Your child being naughty at school is not that big a concern. Your wife’s sense of isolation that you’ve switched off and disengaged can be fixed when things go right again. Your friend’s forthcoming marriage can be squeezed in reluctantly (but surely they don’t expect more than you just turning up for a couple of hours). It doesn’t matter if you miss football- they know how good you are, and I’m sure they’ll want super striker back on the team the other side.

So what does a healthy rhythm look like? Prioritising your physical, mental, intellectual, psychological, social and spiritual centres.

Here are three obvious areas it’s easy to overlook which I have experienced. I will be exploring more areas in forthcoming blogs.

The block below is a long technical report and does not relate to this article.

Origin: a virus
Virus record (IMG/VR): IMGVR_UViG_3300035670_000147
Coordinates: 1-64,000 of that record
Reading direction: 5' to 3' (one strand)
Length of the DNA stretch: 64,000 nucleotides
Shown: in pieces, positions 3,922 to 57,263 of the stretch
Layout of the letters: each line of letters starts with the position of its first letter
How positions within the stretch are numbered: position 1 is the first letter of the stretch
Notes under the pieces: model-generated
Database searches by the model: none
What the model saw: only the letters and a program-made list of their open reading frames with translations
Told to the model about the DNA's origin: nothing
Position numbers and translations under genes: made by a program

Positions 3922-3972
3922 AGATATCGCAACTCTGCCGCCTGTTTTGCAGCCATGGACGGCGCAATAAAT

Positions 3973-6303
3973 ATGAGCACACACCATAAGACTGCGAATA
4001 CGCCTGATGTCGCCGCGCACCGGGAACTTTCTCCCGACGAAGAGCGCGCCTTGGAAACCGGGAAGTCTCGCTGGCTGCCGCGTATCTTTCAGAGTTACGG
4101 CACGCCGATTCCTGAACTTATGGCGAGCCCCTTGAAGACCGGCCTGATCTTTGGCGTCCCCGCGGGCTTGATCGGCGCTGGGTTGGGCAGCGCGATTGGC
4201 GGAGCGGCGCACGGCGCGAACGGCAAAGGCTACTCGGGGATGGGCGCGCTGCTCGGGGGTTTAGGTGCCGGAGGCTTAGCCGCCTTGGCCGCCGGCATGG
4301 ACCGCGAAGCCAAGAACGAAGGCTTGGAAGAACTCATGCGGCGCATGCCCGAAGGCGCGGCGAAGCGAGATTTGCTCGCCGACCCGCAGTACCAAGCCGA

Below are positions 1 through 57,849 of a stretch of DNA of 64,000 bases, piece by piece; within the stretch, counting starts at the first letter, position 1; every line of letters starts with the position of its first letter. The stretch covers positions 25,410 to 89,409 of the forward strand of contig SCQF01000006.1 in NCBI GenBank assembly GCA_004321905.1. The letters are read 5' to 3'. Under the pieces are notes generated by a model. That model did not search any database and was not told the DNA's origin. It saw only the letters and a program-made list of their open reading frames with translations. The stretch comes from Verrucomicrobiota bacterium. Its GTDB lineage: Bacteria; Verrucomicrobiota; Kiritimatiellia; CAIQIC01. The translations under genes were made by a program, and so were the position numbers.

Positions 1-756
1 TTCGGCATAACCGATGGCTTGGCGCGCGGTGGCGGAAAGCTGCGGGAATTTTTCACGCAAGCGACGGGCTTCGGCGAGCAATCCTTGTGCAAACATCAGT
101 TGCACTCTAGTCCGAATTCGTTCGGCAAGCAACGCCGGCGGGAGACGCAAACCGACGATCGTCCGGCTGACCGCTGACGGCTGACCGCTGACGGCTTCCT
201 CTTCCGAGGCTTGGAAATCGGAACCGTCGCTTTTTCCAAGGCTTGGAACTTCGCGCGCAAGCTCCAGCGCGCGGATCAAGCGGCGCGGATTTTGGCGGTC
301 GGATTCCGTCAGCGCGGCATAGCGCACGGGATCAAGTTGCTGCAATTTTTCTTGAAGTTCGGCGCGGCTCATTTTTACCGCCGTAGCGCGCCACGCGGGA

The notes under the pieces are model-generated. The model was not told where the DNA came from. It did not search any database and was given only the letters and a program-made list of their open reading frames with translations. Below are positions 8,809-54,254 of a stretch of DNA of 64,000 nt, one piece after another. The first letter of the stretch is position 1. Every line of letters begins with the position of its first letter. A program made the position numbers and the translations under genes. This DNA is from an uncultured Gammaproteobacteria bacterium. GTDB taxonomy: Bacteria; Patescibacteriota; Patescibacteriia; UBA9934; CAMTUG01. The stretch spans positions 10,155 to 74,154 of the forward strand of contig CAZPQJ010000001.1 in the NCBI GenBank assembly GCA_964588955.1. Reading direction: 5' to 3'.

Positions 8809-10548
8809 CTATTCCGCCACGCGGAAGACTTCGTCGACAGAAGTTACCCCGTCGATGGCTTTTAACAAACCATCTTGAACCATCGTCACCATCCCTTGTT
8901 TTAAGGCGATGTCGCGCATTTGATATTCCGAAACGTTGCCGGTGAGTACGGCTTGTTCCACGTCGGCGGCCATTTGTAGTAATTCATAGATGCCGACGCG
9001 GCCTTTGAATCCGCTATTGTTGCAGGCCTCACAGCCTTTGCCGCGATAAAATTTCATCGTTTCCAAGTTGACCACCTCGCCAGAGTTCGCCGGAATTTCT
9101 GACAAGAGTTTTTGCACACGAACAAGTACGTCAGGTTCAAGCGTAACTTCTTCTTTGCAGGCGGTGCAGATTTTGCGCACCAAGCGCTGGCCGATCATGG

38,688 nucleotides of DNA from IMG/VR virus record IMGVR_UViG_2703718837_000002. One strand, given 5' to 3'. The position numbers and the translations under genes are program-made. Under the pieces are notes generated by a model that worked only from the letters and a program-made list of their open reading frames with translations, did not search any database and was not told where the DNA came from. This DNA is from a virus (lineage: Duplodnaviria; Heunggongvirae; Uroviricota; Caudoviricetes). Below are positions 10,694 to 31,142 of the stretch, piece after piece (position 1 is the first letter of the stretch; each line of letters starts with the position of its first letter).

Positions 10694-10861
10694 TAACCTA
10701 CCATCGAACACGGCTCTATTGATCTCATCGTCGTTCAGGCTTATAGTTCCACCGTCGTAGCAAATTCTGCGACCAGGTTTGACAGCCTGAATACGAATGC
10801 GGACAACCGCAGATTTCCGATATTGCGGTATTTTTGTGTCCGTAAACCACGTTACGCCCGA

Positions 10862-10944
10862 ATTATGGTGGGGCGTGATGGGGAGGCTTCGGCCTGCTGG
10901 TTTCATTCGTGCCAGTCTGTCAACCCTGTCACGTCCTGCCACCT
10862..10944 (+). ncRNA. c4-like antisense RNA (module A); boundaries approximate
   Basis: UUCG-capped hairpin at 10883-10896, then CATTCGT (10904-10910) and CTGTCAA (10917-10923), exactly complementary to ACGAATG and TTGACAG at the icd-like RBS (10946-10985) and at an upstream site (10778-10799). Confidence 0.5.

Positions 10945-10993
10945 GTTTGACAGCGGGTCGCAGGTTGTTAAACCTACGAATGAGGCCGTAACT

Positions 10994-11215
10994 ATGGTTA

I put on 5 stone from the time my business hit struggles to the time I lost everything. I was eating late, comfort eating too much and not making time for exercise, as that, in my opinion, wasn’t as important at the time. I felt sluggish, grew man-boobs, couldn’t fit into my suits or clothes and lost a lot of energy I previously would have had. I didn’t work at exercise to my advantage in reducing stress.

Whether it be popping to the gym every few days or playing a team sport, which I think often is harder to give up, get yourself involved in sport. Join a regular team, go for a jog in the morning, make it enjoyable and life-giving but do not allow yourself to let yourself go. I just felt it was so irresponsible to spend my time doing exercise when so many people’s jobs depended upon me. I now know painfully that I would have thought better and been in a better frame of mind if I’d done exercise.

Eat Well